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No finished office? No problem for Embarc Collective

Margie Manning

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Embarc Collective will be at East Whiting Street and Jefferson Street in downtown Tampa

Lakshmi Shenoy, CEO of Embarc Collective, isn’t going to let a little thing like not having a completed office space get in the way of serving early-stage technology startups.

Even though Embarc’s 32,000-square-foot office in downtown Tampa is still under construction, the nonprofit started working with 25 young companies in March, providing coaching and specialized services.

Lakshmi Shenoy, CEO, Embarc Collective

While a handful of companies have already self-identified as being Embarc members, the organization made it official Wednesday, unveiling the names of the companies.

“It’s funny. We sort of organically just launched, and then after a month we said, oh we probably should tell people,” Shenoy told the St. Pete Catalyst.

Click here to see the names and more information about the first 25 Embarc members.

In a blog post, Shenoy called the March launch “Phase 1” for the Jeff Vinik-backed initiative to elevate the startup community in the Tampa area.

She’s previously described Embarc’s aim as bringing together entrepreneurs, venture capitalists and other funders and academic resources in one space.

“When I realized the space would take longer than impatient me wanted it to, I took a step back and thought about what are we offering these companies. I realized the space, the physicality is a big part of what we’re doing, but it’s not the only thing that we’re doing. What we’re offering is really about the support,” Shenoy said. “We are an extended member of these startups’ teams, and that’s what makes us different.”

Applications for members opened in November, and each company was carefully vetted based on several factors: viability, ability to scale, coachability of the team and how they would be a good cultural fit.

“Any of these companies could be a breakout success for the region. What you want is people who motivate each other to do that,” Shenoy said.

There are five “executive advisors” on staff, each assigned different companies in Embarc’s portfolio. About half the companies currently have an executive advisor, or coach, who works with the companies on a weekly basis  to help them identify milestones and hold them accountable for those milestones.

Accountability is key, said Shenoy, who previously was vice president of strategy and business development at 1871, a tech entrepreneurship hub in Chicago that at any given time had up to 500 companies.

“You would see a lot of companies with great ideas and great founders fail on execution,” she said. “It’s because building something from scratch is overwhelming. What do you prioritize? How do you create order out of chaos that is startup life? I realized the companies that were most successful were the ones that had that sense of accountability.”

A coach who holds founders accountable serves as a precursor for a board of directors.

“When these companies grow and take on institutional capital, they will have a board of director who will take on the role we are sitting in now,” said Shenoy, who has herself taken on some coaching duties.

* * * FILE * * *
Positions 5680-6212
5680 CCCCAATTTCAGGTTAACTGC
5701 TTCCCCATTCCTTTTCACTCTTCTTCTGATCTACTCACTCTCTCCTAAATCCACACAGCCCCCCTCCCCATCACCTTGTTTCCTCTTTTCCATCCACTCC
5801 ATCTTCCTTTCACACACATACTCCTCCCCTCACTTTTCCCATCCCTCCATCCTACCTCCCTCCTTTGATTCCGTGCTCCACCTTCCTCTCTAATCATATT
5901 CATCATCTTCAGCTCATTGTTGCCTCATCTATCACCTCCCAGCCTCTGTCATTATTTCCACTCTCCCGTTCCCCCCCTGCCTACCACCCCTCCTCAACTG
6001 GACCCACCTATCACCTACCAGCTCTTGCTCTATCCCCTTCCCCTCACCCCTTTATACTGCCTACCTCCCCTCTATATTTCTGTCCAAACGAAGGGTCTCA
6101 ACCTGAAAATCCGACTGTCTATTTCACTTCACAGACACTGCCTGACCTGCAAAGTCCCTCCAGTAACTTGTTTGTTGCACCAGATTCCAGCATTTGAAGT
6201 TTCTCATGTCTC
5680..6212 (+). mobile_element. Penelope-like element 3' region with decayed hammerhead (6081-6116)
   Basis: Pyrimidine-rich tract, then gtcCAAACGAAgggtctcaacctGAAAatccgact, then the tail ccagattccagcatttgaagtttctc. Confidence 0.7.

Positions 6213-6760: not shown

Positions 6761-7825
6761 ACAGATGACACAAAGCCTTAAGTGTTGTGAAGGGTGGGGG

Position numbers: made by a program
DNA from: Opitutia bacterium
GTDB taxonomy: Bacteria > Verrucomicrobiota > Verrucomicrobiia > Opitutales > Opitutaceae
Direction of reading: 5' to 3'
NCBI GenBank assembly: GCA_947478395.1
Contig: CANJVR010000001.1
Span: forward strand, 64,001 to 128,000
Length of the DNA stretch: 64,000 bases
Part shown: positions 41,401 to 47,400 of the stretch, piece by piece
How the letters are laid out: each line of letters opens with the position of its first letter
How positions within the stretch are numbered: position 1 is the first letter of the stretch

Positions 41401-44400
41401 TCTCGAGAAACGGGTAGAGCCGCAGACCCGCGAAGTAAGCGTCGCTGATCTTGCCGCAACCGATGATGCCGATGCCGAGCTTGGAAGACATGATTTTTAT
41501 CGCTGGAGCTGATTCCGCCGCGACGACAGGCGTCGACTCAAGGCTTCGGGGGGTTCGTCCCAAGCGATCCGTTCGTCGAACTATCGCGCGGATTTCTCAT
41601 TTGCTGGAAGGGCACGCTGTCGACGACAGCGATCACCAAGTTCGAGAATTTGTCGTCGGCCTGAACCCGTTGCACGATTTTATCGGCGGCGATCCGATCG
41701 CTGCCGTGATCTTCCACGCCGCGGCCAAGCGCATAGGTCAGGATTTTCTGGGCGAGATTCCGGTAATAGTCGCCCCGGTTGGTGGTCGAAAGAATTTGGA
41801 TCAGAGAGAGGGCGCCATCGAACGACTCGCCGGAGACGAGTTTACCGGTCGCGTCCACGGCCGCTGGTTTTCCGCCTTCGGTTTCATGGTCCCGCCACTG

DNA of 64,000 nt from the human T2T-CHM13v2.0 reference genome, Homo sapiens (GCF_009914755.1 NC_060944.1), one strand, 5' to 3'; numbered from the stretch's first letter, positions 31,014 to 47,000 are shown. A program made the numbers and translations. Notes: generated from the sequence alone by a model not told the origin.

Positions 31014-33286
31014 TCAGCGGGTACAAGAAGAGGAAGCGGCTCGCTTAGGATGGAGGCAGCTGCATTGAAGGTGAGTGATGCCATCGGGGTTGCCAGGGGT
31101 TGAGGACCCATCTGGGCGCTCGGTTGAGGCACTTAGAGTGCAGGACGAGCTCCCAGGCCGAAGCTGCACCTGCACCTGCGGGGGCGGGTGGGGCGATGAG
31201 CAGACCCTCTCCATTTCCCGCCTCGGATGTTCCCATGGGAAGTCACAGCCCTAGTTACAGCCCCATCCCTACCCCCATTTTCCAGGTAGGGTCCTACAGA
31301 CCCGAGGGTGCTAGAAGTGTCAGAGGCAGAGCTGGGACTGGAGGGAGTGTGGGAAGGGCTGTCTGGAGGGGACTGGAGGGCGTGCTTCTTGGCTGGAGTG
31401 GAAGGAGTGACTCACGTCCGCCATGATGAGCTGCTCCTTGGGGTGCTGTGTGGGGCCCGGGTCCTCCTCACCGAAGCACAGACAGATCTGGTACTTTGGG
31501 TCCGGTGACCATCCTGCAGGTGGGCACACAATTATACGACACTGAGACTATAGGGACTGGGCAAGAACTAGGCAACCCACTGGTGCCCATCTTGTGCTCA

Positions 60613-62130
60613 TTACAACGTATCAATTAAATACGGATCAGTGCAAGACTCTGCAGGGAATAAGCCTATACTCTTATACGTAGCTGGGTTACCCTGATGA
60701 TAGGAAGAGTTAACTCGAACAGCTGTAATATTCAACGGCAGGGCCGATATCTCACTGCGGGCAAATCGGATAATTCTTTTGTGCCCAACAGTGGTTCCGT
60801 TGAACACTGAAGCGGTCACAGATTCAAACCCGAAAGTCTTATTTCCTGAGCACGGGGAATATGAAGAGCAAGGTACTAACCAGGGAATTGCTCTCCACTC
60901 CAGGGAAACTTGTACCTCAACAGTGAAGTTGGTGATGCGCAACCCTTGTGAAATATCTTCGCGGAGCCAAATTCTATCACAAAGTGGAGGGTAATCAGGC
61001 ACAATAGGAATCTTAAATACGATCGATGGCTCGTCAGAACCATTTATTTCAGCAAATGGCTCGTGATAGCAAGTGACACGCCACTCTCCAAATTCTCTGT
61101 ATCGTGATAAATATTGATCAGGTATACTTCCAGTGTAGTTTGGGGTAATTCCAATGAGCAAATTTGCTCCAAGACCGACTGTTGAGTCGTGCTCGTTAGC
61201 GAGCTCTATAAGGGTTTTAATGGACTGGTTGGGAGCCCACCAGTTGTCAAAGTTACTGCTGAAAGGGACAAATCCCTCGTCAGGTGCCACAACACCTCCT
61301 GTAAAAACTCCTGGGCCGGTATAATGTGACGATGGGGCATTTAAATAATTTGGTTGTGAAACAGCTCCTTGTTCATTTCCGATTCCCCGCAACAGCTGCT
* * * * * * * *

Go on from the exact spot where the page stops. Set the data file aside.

Embarc also has startup function specialists — people who can help startups with tasks such as automating their milestones on a dashboard or boost search engine optimization.

Since the Embarc space is not yet ready, Embarc staffers will go to members’ offices, or members can come to Embarc’s temporary space in Industrious, a coworking space in downtown Tampa. Sometimes they’ll do a Zoom call and meet virtually online.

“It depends on what’s best for the company. That’s our motto – whatever is best for the company is what we’ll do,” Shenoy said.

There’s now a wait-list for additional Embarc members. The organization is very hands-on, and Shenoy doesn’t want to sacrifice the quality of the startup coaching product for quantity.

“Running a startup is hard. It’s emotionally draining. Sometimes you just need someone sitting right here, who doesn’t need to learn about your business, but they care about you as a person and they care about your team and the viability and sustainability of your business.”

Embarc currently has six full-time employees and three contractors, with a handful of hires still to come on board. In terms of revenue, the organization, which is slightly over a year old, is “meeting expectations for 2019 numbers,” according to Shenoy.

She stressed that Embarc is not out to recreate the wheel. The team has been aggressive about developing partnerships and collaborations with more than 30 existing support organizations in the area.

“I was able to develop partnerships and recognize strengths of other organizations. I’m not going to redo what they’ve done. This market is not big enough,” she said. “I want to make sure that at the end of the day what we are doing is additive to the company and the company is getting what they need from this community to move themselves forward.”

Although construction is still going on at the Embarc office, Shenoy will give a sneak peek at the work in progress when Steve Case’s Rise of the Rest tour stops in next week for a hard hat tour. The facility is scheduled for completion by the end of the year — what Shenoy said will be Phase 2 of the launch — and will include public event space for conversations about technology, entrepreneurship and innovation, as well as spaces dedicated to the startup members.

 

 

 

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